Mumbling Jack: The Road Test

A couple of weeks back I wrote a review of John Mackenzie’s new album of poetry, Mumbling Jack. This review was based solely on armchair listening, but the true test of any recording is the road test.

Now, for me, hitting the road means walking. There is something about walking which liberates my thinking, and such thoughts as I do have almost always spring to mind in mid-stride, thus necessitating my love of notebooks. (I have a completely untested hypothesis that walking activates but does not completely monopolize the rational unconscious, thereby facilitating unconscious associations, like I said, completely untested and quite possibly untestable.)

Anyhoo, part of the ritual of the road for me includes listening to music and spoken word that has proven itself to be productive of ideas and images, so I loaded up Mumbling Jack on the mp3 and headed out into the winter morning, and I am happy to report that it passed the road test with flying colours, mainly the black of flying crows.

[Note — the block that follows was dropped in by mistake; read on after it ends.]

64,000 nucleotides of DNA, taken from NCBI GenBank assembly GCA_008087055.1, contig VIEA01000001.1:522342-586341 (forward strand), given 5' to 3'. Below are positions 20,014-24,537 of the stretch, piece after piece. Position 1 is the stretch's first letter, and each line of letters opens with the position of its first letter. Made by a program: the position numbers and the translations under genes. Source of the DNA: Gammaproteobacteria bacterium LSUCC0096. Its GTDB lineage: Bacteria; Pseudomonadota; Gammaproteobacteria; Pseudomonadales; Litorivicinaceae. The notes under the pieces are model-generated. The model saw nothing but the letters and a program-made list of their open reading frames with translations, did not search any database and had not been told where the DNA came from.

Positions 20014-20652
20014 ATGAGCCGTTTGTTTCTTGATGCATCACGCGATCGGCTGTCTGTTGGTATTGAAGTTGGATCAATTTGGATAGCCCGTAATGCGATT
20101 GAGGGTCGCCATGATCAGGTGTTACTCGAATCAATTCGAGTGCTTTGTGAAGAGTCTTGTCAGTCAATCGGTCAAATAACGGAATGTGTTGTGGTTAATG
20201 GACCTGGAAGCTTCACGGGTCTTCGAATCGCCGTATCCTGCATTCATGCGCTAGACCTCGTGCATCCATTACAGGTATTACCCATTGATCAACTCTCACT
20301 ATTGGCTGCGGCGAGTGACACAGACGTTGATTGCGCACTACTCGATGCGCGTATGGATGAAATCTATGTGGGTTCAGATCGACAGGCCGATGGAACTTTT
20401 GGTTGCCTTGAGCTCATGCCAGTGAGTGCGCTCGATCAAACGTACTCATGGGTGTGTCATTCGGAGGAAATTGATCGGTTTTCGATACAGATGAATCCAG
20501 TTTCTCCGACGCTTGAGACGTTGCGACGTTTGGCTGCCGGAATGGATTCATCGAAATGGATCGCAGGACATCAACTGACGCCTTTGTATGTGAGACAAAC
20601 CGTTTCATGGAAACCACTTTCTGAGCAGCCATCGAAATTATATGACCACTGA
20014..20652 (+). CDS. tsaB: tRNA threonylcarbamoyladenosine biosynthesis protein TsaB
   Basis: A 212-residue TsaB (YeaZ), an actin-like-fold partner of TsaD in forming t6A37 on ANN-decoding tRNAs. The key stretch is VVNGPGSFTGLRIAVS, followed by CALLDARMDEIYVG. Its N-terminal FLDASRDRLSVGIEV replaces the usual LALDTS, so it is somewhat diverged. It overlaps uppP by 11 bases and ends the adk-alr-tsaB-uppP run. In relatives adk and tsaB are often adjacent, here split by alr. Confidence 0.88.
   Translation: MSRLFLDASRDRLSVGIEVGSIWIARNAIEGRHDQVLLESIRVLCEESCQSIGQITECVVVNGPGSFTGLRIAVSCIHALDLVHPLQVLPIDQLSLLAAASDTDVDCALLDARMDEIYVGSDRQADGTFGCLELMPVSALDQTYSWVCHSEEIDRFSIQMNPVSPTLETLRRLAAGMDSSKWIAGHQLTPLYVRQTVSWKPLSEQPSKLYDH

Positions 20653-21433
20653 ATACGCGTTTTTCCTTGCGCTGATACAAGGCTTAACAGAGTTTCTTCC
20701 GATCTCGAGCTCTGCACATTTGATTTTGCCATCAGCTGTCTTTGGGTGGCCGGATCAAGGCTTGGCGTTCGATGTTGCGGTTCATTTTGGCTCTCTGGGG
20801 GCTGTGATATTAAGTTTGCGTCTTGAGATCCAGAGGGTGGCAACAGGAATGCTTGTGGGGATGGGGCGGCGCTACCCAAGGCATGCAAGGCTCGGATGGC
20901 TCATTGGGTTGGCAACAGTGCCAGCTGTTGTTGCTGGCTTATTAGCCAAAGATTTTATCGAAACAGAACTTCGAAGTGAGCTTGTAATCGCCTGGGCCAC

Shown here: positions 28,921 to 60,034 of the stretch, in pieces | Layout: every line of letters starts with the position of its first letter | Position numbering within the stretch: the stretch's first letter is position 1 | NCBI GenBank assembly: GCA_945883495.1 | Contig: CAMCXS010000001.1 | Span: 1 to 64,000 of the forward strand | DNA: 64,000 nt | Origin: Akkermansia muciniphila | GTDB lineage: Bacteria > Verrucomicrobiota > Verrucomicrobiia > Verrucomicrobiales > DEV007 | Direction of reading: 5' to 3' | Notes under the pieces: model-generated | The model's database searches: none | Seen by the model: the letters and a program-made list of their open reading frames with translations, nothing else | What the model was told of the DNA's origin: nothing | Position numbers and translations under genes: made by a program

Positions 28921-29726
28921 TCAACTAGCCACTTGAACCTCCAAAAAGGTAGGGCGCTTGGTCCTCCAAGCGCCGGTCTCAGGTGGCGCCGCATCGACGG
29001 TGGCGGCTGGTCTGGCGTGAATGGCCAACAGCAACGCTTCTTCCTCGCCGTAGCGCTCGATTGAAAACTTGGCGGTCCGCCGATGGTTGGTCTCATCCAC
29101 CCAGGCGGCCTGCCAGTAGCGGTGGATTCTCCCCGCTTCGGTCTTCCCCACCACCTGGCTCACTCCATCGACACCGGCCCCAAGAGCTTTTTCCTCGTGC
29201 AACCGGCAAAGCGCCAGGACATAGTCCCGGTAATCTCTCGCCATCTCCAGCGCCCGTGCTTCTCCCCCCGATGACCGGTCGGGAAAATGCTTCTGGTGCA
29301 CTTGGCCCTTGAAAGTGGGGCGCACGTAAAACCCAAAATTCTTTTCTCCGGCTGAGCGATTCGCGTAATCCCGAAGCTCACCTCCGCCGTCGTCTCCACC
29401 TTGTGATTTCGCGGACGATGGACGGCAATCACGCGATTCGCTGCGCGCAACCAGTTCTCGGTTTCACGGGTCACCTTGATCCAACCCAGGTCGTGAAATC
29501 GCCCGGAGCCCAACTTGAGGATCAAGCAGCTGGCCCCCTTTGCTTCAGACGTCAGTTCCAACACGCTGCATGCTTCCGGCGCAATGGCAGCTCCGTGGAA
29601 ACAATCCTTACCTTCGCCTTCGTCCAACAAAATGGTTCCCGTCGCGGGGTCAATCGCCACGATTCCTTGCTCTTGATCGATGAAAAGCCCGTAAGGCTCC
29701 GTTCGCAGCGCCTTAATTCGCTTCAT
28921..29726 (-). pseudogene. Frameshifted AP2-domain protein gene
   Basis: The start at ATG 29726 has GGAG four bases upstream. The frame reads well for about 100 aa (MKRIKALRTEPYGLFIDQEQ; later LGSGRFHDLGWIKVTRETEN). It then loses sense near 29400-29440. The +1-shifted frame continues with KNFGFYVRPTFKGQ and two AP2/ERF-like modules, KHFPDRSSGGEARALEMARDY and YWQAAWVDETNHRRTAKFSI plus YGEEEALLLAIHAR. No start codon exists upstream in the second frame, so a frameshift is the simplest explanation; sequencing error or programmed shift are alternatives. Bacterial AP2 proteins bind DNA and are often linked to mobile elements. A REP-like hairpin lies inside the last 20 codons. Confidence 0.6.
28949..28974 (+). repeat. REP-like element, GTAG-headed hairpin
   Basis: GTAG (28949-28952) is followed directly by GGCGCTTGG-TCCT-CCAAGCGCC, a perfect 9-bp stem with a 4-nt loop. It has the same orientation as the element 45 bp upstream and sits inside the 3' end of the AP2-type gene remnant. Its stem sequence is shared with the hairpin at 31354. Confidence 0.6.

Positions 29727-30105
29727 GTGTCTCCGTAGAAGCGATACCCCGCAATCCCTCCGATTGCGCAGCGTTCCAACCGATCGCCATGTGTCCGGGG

The intense imagery of John Mackenzies’ poems both confirmed and contradicted the world I walked through, at times spotlighting what I saw, at other times eclipsing it. The varied rhythms, tonalities and emotional content of his voice sometimes fading into the background, at other times bursting into my full awareness. This was not stupid stuff, Terence. This was the stuff that excellent walks are made of.

I have one more experiment to perform with Mumbling Jack, but have not had the time to set it up. In the meantime, Here is the link to John Mackenzie’s blog and instructions on how to purchase his album. You can take it for a stroll yourself.